With the exception of Chicago, which is based on a very famous, very popular musical, how well have other musicals fared recently? Not well. “Evita” won the Golden Globe back in the late 90s, but like “Dreamgirls,” also wasn’t nominated for Best Picture. “Moulin Rouge” was nominated, but didn’t win any of the big awards. Last year’s “Walk the Line” didn’t make the final five, despite being a solid contender. You know how it is. Many people think musicals are too light, good for entertainment purposes, but not serious enough to be a top quality picture.

This is all too bad. REALLY TOO BAD. “Dreamgirls” is a top-notch film with real emotional depth and a lot of heart. It is a rousing spectacle that makes you want to jump out of your seat and dance. And it’s got a unique and uplifting message. But now, it will join “Almost Famous” and “Cold Mountain” as films released this decade that got screwed by the Academy. Can you imagine this? EIGHT LEADING nominations, but not Best Picture. What were they thinking?

Well, let’s move on. How about Clint Eastwood and “Letters From Iwo Jima?!” We are thrilled to see it crack the top five, even though it comes at the expense of “Dreamgirls.” After getting snubbed by the PGA, DGA, and SAG, virtually every Oscar prognosticator proclaimed it to be toast. But rule number one in Hollywood – never underestimate the power of Eastwood.

Check this out. “Letters From Iwo Jima” is just starting to hit theaters around the country now, much like 2005 winner “Million Dollar Baby.” If word of mouth is good and starts to spread, I think you’re looking at this year’s Best Picture winner. Marty may have to settle for Best Director, which I think is probably perfectly all right for him. But that being said, it’s a long, long race ’til the finish, and since this is a wide open race, the strength of the campaigns will decide everything. One thing’s for sure. This will be close, close, close.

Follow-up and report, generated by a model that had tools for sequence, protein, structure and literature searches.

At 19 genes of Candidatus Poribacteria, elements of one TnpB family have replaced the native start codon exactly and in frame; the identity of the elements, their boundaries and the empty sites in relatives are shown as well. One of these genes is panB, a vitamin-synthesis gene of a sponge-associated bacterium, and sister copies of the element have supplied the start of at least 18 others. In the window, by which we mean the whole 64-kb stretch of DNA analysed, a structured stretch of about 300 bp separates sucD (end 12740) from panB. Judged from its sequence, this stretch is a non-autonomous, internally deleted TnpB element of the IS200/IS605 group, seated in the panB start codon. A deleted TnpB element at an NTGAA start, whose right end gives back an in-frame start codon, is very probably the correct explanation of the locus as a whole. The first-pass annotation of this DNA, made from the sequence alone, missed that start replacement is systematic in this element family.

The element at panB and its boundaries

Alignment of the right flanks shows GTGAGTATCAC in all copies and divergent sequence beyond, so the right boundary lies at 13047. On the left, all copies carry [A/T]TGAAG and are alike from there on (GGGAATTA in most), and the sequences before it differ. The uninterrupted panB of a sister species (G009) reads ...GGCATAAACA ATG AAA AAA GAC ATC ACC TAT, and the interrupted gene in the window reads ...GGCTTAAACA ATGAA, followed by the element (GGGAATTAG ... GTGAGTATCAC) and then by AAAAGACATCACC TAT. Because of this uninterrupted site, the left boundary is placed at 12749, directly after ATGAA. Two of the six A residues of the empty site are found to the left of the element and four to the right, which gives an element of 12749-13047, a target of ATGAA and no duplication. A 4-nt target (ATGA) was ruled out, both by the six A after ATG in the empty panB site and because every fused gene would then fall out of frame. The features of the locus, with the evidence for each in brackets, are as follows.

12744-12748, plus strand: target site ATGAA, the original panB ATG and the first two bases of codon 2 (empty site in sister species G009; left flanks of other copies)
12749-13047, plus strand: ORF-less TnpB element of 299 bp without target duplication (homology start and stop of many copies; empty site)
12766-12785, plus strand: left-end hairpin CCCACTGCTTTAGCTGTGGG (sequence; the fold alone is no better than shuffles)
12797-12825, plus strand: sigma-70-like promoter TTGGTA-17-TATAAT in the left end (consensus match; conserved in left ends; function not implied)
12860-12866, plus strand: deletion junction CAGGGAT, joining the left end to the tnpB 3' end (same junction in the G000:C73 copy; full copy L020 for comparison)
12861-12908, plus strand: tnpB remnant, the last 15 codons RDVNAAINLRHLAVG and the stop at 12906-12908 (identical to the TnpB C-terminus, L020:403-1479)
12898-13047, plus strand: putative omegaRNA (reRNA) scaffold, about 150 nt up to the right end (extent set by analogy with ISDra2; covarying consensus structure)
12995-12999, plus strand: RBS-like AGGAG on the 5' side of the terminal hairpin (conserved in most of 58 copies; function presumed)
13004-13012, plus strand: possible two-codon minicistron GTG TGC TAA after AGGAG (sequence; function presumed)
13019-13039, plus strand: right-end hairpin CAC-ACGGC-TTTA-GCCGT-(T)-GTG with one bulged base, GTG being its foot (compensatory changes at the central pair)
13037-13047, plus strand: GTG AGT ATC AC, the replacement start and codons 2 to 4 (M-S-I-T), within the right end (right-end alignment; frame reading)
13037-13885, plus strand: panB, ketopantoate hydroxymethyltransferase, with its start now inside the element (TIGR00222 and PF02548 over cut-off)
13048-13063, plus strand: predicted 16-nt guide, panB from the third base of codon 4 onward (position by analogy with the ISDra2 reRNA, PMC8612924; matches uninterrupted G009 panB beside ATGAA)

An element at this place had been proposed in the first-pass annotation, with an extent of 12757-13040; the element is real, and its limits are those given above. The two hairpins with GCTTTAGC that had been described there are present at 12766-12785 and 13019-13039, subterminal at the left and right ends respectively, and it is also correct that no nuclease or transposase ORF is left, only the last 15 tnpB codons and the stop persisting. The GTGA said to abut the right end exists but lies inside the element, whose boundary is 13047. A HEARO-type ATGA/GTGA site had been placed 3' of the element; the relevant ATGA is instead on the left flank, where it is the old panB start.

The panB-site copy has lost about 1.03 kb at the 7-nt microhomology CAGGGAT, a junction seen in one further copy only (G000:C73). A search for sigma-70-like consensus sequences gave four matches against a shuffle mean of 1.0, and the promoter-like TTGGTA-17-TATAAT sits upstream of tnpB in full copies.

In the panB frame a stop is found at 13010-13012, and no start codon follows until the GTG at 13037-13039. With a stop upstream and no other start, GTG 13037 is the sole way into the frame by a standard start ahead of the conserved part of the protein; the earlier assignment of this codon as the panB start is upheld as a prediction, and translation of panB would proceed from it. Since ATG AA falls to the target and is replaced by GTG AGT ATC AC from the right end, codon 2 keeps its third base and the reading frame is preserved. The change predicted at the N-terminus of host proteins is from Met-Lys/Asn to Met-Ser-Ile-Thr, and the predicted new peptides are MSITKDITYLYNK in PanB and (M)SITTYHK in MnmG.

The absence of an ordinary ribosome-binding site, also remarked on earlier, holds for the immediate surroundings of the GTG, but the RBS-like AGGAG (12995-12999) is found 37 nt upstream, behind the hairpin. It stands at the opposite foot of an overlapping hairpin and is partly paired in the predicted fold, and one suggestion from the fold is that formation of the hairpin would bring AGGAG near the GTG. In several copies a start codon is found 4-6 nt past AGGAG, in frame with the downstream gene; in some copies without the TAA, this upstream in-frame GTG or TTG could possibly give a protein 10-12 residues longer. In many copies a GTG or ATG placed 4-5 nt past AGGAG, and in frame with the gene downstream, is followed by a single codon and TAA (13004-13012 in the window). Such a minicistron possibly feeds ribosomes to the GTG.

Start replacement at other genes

Other interesting observations from today’s nominations…

No Sacha Baron Cohen for Best Actor. Perhaps the Academy wants to maintain its serious reputation. They gave “Borat” a screenplay nomination, but that’s it.

Where’s “Casino Royale?” The guilds had it across many of the technical categories and BAFTA loved it too. But AMPAS doesn’t even give it one nomination. Go figure.

Paul Greengrass for “United 93!” This is well deserved. After winning the PGA, “Little Miss Sunshine” seemed a possibility for Best Picture, but no directing nomination considerably hurts its chances. Only one film in Oscar history has ever won Best Picture without a directing nom (“Driving Miss Daisy”).

For the second year in a row, the technical categories are separating themselves from the top contenders. Usually, the Best Picture films score numerous nominations in the editing, cinematography, art direction, and sound categories. Not so anymore. “Babel” and “The Departed” were recognized for their editing, but that’s it. Is this a trend for the future?

We’re about a month away from the big show. And what a start it’s been. Twenty-four categories are up in the air, waiting to be decided. Let the debates begin!Beethoven’s Big Break move